Interest among investors all over the world in Israel's auto-tech sector is as lively as ever, despite its lower profile and the fact that the consensus date for mass appearance of driverless cars has been postponed to the middle, or even the end, of the next decade.
Auto-tech technologies developed in Israel are also likely to have a major impact far beyond the auto industry. Yet it appears that the combination of global interest and strategically important breakthroughs is liable to create the most difficult barrier encountered by the auto-tech sector so far.
Investments: The heavy guns are moving in
The open and official index for global interest in the local sector consists of official announcements of completed financing rounds, and there are plenty of those. Since October 2018, Israeli companies operating directly and indirectly in smart auto technologies announced financing rounds totaling $150 million, but this is only what has been disclosed. Under the surface, tier-1 investors continue to invest in general funds and those specializing in auto technology.
Last week, for example, the Maniv Mobility venture capital firm held an investors' conference under the media radar on the occasion of the closing of its new fund. Almost all of Maniv Mobility's portfolio is now focused on Israeli auto-tech companies, and the same is true of its new fund, which is planned to exceed $100 million and bring Maniv Mobility's total investments in the sector to over $250 million.
Although Maniv Mobility is a private specialist fund, the event drew unprecedented global attention. The only public announcement that coincided with the event was by US tier-1 auto supplier Lear Corporation, which announced its investment in Maniv Mobility. Lear, a company with an $8.8 billion market cap and nearly 150,000 employees working on production of components and technologies for the auto industry, directly acquired Israeli company EXO Technologies last year. It is definitely a prestigious addition to the fund.
Sources inform "Globes", however, some heavy guns joined Lear in the new fund, such as the venture capital fund of Hyundai Motors, the investment arm of Jaguar-Landrover, and the new investment fund of BMW, which has not previously operated in Israel, in addition to the $1 billion venture capital fund of Renault-Nissan, which joined Maniv Mobility last year.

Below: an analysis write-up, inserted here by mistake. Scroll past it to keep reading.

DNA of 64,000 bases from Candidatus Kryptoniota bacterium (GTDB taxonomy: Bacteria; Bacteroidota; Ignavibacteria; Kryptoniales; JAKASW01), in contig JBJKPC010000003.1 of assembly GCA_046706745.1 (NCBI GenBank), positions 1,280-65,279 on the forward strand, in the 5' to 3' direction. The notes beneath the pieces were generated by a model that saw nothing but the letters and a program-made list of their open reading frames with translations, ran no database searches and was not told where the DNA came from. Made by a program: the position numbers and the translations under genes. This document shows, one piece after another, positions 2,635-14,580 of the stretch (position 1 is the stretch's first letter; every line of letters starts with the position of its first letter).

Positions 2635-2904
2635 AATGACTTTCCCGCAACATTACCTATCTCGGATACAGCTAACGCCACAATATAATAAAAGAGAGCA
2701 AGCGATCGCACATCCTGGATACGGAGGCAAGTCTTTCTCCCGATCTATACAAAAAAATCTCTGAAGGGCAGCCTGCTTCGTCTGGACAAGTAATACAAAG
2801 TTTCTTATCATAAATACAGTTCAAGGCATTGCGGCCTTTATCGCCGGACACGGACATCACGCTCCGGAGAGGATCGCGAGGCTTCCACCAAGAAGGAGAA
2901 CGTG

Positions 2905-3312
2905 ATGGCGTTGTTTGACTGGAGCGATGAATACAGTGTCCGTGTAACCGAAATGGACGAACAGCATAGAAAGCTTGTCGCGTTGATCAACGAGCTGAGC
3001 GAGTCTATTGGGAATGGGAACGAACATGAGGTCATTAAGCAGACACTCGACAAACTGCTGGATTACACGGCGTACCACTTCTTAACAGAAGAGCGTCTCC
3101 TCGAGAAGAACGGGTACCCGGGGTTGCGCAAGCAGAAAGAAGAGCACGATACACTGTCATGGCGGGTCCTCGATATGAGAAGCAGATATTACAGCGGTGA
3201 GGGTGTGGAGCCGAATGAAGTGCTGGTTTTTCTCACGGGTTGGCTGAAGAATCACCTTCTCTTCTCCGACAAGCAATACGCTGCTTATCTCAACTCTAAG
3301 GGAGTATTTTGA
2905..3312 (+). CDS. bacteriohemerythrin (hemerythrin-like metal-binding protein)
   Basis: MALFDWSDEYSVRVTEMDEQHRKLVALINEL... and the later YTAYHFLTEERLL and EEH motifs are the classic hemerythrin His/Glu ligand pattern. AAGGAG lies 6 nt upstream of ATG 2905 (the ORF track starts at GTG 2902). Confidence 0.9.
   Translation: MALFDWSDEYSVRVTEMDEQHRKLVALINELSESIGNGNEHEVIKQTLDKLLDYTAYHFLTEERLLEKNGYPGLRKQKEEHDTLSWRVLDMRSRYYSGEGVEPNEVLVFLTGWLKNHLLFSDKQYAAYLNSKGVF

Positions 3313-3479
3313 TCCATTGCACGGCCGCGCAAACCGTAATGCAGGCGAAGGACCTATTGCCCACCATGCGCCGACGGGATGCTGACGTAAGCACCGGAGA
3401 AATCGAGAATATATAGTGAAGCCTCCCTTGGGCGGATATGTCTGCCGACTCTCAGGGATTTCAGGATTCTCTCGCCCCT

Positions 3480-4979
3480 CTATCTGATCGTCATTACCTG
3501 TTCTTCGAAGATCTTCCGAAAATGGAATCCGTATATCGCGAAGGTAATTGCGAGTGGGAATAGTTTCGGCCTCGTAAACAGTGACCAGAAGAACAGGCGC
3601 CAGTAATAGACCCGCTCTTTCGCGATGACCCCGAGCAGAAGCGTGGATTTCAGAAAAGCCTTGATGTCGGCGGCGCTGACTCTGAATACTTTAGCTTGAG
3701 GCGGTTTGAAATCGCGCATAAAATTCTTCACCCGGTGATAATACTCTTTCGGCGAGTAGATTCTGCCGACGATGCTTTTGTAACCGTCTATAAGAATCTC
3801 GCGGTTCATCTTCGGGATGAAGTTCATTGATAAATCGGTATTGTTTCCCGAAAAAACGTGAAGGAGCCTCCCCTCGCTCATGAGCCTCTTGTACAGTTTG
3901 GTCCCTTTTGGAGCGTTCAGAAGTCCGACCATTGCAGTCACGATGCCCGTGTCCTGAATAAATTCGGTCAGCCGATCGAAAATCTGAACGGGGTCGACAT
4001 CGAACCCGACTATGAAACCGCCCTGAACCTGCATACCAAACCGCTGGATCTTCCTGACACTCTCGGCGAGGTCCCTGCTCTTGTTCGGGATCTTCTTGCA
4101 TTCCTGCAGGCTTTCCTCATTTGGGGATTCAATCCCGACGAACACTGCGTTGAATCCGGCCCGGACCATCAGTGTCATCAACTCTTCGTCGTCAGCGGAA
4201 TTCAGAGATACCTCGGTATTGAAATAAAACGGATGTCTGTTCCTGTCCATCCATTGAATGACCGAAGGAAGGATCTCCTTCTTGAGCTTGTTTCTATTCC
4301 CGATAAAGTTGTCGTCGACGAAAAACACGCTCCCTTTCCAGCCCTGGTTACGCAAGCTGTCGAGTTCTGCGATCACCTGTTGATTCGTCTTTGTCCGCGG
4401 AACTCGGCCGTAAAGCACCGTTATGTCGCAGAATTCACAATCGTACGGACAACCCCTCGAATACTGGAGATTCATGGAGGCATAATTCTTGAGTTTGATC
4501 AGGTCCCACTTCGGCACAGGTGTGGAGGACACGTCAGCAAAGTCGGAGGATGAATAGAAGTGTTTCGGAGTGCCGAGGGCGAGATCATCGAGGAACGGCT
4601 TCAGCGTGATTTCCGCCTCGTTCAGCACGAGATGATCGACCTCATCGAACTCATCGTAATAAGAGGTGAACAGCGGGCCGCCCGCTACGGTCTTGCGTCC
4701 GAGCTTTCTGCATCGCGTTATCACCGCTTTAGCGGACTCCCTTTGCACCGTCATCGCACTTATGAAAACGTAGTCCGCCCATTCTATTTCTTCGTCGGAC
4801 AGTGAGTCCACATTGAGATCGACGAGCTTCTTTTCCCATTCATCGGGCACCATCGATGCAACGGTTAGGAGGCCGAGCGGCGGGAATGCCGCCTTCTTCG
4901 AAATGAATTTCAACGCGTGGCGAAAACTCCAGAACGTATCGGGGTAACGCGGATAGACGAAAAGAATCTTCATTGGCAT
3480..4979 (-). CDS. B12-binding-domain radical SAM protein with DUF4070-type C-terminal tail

This information has not been officially confirmed although judging by the senior rank of the international representatives who attended the conference, however, including Renault-Nissan, which is visiting Israel for the first time, the sector is still red-hot and arousing interest.
Autonomous cars are only the beginning
Investors' interest in the sector is a direct result of the accelerated progress in Israeli auto-tech, the potential of which is now expanding beyond the auto industry. One especially prominent example is technology in the general category of edge computing, which aims at bringing computer power closer to where it is really needed.
In an autonomous vehicle, for example, this technology is of critical importance. Edge technology makes it possible to equip a vehicle with a brain-on-chip that is able to merge and process an enormous quantity of visual information, and after it streams in from the vehicle's sensors, to turn it into real-time decisions, without wireless transmission of the data to the cloud and processing of the information there.
The decisions involved are critical ones, such as avoiding obstacles, drivers, and pedestrians, and decisions about driving policy, such as merging into road traffic. Up until now, the consensus in the sector was that artificial intelligence (AI) was needed to perform the heavy task of simulating the decisions of a human driver. AI programs, however, require very strong processors with a big appetite for electric power, and that is a real problem.
In recent years, the world's best IT giants have been trying to overcome the paradigm under which AI = processing power = electricity consumption. The really big breakthrough, however, is coming right now from Israeli auto-tech companies like Hailo, Cortica, Brodmann17, IonTerra, and others.
Each of these companies has a different technological approach to solving the problem. Some of them use thin AI algorithms, others offer a revolutionary electronic architecture. The final result in every case, however, is designed to be the same: chips that can handle massive quantities of information without complicated, expensive, and electric power-hungry hardware.